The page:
Often, the biggest challenge when facing change is just figuring out what to do, and when it is the funding of an entire organisation at stake, your reaction can either make or break your future. The NDIS will be fundamentally transforming the way funding is provided to the sector. During this time of upheaval, a transition plan is critical in helping to organise and clarify the challenges and opportunities ahead of you. A good transition plan will provide important guidance to all levels of an organisation, allowing for a smooth transition to a prosperous future. With the right advice from people who understand you, a smooth transition is far from a dream.
RSM’s five steps toward a smooth transition
1. Think Holistically
Change will have a different impact on different areas of an organisation, and a transition plan works to address the full range of possible concerns for any business. From financial management, governance, to human resources, every affected area should be considered in order to minimise risk. Research and experience is often critical at this stage, as the planner must have a keen understanding of the nature and the scope of impact which the NDIS may have on a certain organisation. Different organisations will have different levels of preparedness, and both assumptions and oversights may prove costly in the long run.
2. Identify your goals
Your staff is a valuable resource for gaining an accurate understanding of where the organisation currently sits in terms of preparedness. Pinpointing a target – what the organisation needs to look like in six months’ or a year’s time – is an important element of transition planning. In examining the present and looking to the future, the major gaps in the organisation will be identified. From this, goals can be defined, from big to small, and provide the basis for further action. Each organisation will have different targets based on its capacity and its needs, goals set must be realistic and achievable in order for a transition to be successful.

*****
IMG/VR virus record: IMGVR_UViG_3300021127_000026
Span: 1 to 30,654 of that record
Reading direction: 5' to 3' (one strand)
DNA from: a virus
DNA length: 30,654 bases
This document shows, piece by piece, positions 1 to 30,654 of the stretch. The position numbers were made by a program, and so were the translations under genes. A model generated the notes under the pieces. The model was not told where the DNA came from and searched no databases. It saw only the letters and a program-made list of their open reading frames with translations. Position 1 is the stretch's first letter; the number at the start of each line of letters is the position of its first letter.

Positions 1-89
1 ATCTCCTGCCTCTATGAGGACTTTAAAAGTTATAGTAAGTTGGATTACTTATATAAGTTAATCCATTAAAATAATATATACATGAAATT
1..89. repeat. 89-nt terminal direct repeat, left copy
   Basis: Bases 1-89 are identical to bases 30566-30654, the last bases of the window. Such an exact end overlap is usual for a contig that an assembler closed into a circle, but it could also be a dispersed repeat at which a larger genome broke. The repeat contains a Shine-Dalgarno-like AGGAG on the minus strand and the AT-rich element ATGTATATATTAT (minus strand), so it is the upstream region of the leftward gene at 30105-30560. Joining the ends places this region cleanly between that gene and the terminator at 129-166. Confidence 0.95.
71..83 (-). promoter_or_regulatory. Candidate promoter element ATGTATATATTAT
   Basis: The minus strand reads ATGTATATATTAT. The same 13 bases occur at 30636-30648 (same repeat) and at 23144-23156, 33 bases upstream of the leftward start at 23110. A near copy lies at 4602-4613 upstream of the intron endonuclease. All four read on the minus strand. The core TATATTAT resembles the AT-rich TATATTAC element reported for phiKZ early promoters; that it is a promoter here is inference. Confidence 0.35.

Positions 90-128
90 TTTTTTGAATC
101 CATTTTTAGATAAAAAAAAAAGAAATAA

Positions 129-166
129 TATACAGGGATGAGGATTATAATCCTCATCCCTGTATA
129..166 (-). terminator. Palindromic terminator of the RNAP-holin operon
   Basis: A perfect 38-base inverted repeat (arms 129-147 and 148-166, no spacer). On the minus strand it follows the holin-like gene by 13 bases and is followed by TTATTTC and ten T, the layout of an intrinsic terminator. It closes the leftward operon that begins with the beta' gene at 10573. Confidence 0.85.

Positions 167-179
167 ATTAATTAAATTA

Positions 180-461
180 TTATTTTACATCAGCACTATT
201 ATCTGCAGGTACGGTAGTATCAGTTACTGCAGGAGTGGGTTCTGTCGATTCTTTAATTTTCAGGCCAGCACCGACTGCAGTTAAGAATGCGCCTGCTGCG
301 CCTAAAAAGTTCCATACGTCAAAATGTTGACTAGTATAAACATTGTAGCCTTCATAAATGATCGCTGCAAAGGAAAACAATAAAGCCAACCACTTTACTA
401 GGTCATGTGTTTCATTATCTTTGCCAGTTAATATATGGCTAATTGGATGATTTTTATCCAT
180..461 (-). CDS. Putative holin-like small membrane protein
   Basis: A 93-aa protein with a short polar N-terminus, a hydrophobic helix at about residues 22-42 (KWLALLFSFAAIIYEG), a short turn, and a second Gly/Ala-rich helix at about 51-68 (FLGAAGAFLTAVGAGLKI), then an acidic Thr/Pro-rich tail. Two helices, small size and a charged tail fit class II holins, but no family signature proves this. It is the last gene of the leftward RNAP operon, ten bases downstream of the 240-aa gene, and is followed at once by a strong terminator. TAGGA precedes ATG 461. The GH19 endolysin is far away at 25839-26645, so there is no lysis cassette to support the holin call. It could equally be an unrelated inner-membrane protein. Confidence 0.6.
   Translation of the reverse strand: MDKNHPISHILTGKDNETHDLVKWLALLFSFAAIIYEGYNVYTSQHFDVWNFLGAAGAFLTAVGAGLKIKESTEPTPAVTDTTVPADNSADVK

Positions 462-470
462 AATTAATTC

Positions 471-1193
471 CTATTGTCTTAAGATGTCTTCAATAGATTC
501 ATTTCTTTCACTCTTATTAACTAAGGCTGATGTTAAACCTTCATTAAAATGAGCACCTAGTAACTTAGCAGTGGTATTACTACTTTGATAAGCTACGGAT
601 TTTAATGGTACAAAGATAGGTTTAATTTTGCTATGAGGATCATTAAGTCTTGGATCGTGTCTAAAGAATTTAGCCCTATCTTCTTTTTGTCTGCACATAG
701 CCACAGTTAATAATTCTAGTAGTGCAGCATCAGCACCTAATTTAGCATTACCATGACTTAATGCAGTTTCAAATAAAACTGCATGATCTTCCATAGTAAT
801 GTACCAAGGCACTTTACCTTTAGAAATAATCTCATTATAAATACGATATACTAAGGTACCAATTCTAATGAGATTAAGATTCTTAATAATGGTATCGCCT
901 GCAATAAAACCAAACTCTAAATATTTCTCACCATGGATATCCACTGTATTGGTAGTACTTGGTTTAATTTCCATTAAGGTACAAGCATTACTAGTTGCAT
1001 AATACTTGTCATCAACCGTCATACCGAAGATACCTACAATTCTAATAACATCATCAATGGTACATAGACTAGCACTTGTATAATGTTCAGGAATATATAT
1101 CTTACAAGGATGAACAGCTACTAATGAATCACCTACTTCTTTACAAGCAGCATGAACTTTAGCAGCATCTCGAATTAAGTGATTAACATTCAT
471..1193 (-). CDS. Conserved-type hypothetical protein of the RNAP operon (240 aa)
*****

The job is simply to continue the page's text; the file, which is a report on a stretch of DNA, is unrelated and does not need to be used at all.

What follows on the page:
3. Define your actions
Once the goals have been identified, the next step is to figure out what needs to be done to get you to where you need to be. Knowing how to solve a problem is just as important as knowing what problems exist. This is sometimes the most difficult step, as the solutions to every challenge are not always immediately apparent. Large actions should be broken into small, manageable chunks, and be communicated in a way that is easy to understand. When necessary, research and consult with experts to determine the best way to achieve your goals.
4. Delegate your tasks
Being mindful of staff skills, limitations, and time constraints, tasks and actions should be appointed to individuals within an organisation. For many organisations, it is normal for there to be missing internal skills required to get everything done. If necessary, look to hiring new staff on a temporary basis, or reach out to outside consultants to get the expertise you need. Everything comes down to finding the right people to set up an organisation for a successful future.
5. Deadlines and Assessment
Setting deadlines is essential to maintain progress. Strategies should exist for chasing up outcomes, allowing time for delays or changing circumstances. Make sure to keep deadlines realistic and manageable. At the end of the period, your achievements should be reassessed against the original plan. This will reveal if the organisation has made the progress it needs, or if there is more still to be done. In turn, the sooner work begins on managing change, the smoother the process is likely to be, allowing the maximum amount of time for all parties involved to understand and achieve their objectives.
The NDIS will be shifting the landscape of the disability services sector, but one advantage comes from the fact that almost everyone in your local market is dealing with transition at the same time. Making your plans sooner rather than later is the one advantage you can give yourself in this changing market. With experience and expertise at your disposal, it can be smooth sailing from this point onwards.